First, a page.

source link HERE. and from source link 2 HERE. both are PubMed Articles.


Endocrinology. 2002 May;143(5):1851-7.

The role of the resting zone in growth plate chondrogenesis.

Abad V, Meyers JL, Weise M, Gafni RI, Barnes KM, Nilsson O, Bacher JD, Baron J.

Source

Developmental Endocrinology Branch, National Institute of Child Health and Human Development, National Institutes of Health, Building 10, Room 10N262, 10 Center Drive MSC 1862, Bethesda, MD 20892, USA.

Abstract

In mammals, growth of long bones occurs at the growth plate, a cartilage structure that contains three principal layers: the resting, proliferative, and hypertrophic zones. The function of the resting zone is not well understood. We removed the proliferative and hypertrophic zones from the rabbit distal ulnar growth plate in vivo, leaving only the resting zone. Within 1 wk, a complete proliferative and hypertrophic zone often regenerated. Next, we manipulated growth plates in vivo to place resting zone cartilage ectopically alongside the proliferative columns. Ectopic resting zone cartilage induced a 90-degree shift in the orientation of nearby proliferative zone chondrocytes and seemed to inhibit their hypertrophic differentiation. Our findings suggest that resting zone cartilage makes important contributions to endochondral bone formation at the growth plate: 1) it contains stem-like cells that give rise to clones of proliferative chondrocytes; 2) it produces a growth plate-orienting factor, a morphogen, that directs the alignment of the proliferative clones into columns parallel to the long axis of the bone; and 3) it may also produce a morphogen that inhibits terminal differentiation of nearby proliferative zone chondrocytes and thus may be partially responsible for the organization of the growth plate into distinct zones of proliferation and hypertrophy.

PMID: 11956168         [PubMed – indexed for MEDLINE] 

J Endocrinol. 2006 Apr;189(1):27-36.

Depletion of resting zone chondrocytes during growth plate senescence.

Schrier L, Ferns SP, Barnes KM, Emons JA, Newman EI, Nilsson O, Baron J.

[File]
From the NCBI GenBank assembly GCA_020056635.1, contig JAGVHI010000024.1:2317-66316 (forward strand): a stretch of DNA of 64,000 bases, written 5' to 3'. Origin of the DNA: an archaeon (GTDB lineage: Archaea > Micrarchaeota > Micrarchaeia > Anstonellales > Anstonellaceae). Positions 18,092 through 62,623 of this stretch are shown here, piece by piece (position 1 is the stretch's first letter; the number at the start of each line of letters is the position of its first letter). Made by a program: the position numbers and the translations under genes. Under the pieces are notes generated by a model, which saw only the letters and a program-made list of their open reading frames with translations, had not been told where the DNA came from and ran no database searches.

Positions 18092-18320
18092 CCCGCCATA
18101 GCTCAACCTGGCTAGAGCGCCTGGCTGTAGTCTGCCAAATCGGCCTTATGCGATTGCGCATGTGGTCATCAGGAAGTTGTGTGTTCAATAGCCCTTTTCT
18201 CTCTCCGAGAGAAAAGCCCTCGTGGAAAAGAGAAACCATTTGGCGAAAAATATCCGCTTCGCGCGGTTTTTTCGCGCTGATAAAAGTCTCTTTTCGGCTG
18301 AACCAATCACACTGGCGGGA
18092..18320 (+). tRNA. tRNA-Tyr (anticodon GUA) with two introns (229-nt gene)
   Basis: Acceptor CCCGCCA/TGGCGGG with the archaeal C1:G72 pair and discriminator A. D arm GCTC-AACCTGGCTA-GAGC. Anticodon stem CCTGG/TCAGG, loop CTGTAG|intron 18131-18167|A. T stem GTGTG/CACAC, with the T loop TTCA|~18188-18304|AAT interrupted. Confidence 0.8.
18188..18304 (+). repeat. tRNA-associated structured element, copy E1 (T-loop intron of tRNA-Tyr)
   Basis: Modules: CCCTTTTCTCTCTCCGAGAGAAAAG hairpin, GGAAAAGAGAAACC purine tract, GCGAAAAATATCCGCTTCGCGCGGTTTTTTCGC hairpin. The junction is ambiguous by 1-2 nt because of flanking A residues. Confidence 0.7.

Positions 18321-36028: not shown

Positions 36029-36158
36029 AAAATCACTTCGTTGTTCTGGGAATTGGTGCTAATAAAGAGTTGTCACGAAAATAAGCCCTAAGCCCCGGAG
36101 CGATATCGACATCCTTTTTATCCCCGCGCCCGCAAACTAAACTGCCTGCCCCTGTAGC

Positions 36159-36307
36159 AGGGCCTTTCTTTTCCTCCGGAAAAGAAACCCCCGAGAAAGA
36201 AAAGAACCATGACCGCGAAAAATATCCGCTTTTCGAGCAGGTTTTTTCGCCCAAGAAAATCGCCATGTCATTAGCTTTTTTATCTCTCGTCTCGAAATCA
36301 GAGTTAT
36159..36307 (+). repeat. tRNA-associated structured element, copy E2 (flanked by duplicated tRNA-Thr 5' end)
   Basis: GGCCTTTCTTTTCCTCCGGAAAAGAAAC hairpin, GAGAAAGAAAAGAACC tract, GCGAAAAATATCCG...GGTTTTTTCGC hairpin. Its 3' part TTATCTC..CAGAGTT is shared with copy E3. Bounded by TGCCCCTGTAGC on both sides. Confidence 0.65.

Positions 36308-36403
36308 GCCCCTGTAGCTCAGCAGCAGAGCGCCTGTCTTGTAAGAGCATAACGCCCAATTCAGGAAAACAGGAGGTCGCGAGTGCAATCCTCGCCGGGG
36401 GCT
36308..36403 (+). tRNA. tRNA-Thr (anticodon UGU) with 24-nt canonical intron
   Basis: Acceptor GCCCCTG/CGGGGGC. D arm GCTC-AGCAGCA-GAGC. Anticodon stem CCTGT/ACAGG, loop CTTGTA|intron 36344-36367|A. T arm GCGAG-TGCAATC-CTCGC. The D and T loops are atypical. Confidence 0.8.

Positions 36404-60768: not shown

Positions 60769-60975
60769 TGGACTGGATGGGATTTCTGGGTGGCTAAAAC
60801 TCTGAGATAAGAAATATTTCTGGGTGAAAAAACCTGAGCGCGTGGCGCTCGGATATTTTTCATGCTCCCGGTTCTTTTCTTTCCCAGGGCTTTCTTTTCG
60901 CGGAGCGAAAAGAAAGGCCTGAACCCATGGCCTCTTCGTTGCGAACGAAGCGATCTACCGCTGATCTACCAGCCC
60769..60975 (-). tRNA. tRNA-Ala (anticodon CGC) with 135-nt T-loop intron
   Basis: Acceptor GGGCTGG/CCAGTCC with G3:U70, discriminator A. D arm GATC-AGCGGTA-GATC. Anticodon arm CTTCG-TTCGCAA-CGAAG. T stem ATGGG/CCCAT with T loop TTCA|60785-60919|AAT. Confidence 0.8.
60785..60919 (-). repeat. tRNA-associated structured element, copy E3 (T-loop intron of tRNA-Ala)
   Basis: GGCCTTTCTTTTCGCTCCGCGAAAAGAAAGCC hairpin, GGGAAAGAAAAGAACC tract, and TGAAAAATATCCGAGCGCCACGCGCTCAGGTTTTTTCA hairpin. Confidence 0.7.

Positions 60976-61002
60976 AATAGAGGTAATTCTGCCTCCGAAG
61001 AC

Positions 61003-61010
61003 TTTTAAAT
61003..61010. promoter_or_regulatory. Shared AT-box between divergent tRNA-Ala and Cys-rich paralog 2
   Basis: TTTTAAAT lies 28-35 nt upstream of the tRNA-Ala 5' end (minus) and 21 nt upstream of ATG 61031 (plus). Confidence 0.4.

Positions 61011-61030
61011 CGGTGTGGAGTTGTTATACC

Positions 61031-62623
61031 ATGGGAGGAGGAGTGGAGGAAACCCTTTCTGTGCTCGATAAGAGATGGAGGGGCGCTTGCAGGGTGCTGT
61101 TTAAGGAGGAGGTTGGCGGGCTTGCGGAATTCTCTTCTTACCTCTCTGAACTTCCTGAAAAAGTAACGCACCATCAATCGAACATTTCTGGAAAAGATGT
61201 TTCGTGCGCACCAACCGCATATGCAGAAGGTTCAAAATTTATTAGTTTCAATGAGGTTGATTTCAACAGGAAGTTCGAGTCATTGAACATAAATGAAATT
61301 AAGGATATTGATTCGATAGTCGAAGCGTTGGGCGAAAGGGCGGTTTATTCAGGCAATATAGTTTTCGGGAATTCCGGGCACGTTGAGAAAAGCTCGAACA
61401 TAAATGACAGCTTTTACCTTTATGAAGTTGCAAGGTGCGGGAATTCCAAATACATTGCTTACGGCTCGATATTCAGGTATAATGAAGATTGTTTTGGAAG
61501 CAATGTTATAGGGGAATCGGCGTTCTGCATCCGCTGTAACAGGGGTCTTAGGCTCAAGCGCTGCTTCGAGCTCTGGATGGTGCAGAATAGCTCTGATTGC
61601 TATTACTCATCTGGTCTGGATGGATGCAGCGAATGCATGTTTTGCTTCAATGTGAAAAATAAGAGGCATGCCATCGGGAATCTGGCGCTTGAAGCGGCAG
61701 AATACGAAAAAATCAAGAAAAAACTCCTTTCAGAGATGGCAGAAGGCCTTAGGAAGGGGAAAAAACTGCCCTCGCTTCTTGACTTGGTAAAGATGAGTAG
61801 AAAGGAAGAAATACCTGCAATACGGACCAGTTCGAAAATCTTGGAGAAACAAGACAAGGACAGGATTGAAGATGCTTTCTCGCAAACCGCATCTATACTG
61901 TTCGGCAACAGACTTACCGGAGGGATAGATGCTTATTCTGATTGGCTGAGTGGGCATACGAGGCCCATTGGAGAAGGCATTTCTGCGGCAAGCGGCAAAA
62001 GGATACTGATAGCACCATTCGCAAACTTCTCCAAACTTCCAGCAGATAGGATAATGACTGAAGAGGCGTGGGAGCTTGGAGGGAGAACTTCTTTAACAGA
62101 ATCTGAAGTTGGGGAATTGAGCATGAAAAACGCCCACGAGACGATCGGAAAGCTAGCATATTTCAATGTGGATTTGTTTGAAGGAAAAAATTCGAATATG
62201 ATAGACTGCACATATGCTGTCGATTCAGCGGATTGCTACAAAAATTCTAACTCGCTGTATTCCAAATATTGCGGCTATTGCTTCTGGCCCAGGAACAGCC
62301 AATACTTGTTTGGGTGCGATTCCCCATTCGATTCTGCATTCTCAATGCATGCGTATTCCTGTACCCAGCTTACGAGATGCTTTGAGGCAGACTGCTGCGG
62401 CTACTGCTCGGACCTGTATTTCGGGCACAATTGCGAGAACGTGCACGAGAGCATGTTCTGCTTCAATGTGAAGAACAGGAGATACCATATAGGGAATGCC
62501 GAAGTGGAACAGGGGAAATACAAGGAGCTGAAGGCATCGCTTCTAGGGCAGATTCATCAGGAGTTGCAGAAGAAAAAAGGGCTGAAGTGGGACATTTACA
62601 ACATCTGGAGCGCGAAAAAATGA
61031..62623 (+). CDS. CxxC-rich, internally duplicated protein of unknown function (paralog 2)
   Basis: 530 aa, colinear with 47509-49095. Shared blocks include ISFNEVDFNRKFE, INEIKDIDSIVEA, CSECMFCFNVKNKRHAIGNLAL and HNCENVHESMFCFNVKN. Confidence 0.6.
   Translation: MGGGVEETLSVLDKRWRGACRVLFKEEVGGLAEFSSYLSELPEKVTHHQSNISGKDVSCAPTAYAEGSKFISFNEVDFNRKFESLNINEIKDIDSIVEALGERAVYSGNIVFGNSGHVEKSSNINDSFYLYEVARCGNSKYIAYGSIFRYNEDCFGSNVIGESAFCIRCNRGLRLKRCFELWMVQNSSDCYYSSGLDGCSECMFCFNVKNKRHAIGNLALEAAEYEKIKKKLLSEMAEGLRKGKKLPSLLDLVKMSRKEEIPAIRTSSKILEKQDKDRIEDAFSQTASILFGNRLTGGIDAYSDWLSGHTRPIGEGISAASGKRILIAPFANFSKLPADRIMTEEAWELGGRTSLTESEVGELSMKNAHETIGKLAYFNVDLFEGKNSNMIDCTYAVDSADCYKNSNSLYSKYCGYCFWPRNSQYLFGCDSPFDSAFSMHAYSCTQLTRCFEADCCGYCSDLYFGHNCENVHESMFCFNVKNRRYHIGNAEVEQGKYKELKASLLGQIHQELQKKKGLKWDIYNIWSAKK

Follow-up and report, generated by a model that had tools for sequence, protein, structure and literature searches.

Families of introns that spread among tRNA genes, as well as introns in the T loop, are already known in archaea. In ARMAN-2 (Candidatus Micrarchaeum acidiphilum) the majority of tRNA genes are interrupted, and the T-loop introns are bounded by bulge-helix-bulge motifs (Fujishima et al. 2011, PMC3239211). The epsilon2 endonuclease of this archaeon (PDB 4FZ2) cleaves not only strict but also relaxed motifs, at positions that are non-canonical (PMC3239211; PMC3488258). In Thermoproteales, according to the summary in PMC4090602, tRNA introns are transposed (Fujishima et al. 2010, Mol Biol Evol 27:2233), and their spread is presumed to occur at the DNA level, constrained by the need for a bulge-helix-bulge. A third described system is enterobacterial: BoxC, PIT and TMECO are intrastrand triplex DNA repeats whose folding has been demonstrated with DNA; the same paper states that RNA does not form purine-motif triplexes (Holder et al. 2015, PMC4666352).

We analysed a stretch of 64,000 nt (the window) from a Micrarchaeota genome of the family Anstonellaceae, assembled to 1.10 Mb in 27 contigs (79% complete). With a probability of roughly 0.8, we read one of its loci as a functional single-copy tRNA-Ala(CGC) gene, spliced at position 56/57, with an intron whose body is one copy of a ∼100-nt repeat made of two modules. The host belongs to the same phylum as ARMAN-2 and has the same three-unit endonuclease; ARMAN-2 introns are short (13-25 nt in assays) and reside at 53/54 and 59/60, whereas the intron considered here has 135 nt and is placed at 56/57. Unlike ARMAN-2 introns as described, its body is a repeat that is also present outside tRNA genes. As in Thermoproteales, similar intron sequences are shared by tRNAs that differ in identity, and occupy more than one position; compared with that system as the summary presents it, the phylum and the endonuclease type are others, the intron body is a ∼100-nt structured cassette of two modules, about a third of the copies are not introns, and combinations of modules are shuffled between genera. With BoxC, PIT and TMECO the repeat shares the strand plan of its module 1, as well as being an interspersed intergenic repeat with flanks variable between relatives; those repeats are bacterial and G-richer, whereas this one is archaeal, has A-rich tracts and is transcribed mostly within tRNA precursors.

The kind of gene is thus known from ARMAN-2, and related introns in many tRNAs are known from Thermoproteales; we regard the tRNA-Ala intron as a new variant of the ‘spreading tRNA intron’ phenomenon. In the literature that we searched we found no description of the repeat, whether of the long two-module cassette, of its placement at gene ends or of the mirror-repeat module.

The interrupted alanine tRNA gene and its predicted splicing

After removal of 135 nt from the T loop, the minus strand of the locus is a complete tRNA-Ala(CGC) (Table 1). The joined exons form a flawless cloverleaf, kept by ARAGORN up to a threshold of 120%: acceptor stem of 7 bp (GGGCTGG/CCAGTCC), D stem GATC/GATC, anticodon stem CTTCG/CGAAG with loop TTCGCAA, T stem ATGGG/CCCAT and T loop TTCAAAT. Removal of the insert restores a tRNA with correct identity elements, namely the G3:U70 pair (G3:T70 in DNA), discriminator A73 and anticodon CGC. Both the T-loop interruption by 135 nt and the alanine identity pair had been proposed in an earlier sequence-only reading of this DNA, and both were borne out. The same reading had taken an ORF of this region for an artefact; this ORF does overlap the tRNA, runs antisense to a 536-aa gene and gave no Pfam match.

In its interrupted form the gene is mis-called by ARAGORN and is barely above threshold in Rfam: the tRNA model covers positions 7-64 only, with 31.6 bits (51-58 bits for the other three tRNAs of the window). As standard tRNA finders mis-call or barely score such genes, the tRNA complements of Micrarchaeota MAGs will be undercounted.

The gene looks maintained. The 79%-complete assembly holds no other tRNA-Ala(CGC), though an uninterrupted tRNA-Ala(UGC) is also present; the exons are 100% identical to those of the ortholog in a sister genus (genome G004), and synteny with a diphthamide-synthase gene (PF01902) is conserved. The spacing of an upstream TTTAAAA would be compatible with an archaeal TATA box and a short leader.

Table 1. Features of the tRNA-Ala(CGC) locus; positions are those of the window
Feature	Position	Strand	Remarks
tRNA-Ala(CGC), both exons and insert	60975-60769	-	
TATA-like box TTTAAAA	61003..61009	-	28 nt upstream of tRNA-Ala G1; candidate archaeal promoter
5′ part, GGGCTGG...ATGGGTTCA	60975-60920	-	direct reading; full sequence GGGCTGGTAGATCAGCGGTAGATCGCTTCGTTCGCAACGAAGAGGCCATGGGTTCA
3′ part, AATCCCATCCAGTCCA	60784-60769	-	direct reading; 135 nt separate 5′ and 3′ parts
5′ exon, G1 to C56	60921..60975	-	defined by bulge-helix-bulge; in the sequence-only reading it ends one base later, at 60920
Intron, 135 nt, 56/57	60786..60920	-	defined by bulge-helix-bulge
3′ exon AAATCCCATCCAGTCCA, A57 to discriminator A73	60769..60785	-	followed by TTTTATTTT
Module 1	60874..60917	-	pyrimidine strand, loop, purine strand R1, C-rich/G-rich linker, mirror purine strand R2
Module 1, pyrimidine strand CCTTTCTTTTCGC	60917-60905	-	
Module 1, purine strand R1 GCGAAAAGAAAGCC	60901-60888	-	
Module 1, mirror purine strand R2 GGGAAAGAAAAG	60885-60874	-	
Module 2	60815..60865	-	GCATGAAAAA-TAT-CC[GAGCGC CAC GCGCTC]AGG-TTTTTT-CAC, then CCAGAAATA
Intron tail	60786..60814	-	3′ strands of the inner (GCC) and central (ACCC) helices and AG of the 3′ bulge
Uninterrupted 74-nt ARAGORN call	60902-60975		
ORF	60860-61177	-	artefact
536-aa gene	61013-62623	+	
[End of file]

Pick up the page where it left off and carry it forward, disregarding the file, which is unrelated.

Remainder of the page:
Source

Developmental Endocrinology Branch, National Institute of Child Health and Human Development, National Institutes of Health, CRC, Room 1-3330, 10 Center Drive, MSC 1103, Bethesda, Maryland 20892, USA.

Abstract

With age, the growth plate undergoes senescent changes that cause linear bone growth to slow and finally cease. Based on previous indirect evidence, we hypothesized that this senescent decline occurs because growth plate stem-like cells, located in the resting zone, have a finite proliferative capacity that is gradually depleted. Consistent with this hypothesis, we found that the proliferation rate in rabbit resting zone chondrocytes (assessed by continuous 5-bromo-2′-deoxy-uridine labeling) decreases with age, as does the number of resting zone chondrocytes per area of growth plate. Glucocorticoid excess slows growth plate senescence. To explain this effect, we hypothesized that glucocorticoid inhibits resting zone chondrocyte proliferation, thus conserving their proliferative capacity. Consistent with this hypothesis, we found that dexamethasone treatment decreased the proliferation rate of rabbit resting zone chondrocytes and slowed the numerical depletion of these cells. Estrogen is known to accelerate growth plate senescence. However, we found that estradiol cypionate treatment slowed resting zone chondrocyte proliferation. Our findings support the hypotheses that growth plate senescence is caused by qualitative and quantitative depletion of stem-like cells in the resting zone and that growth-inhibiting conditions, such as glucocorticoid excess, slow senescence by slowing resting zone chondrocyte proliferation and slowing the numerical depletion of these cells, thereby conserving the proliferative capacity of the growth plate. We speculate that estrogen might accelerate senescence by a proliferation-independent mechanism, or by increasing the loss of proliferative capacity per cell cycle.

PMID:   16614378          [PubMed – indexed for MEDLINE]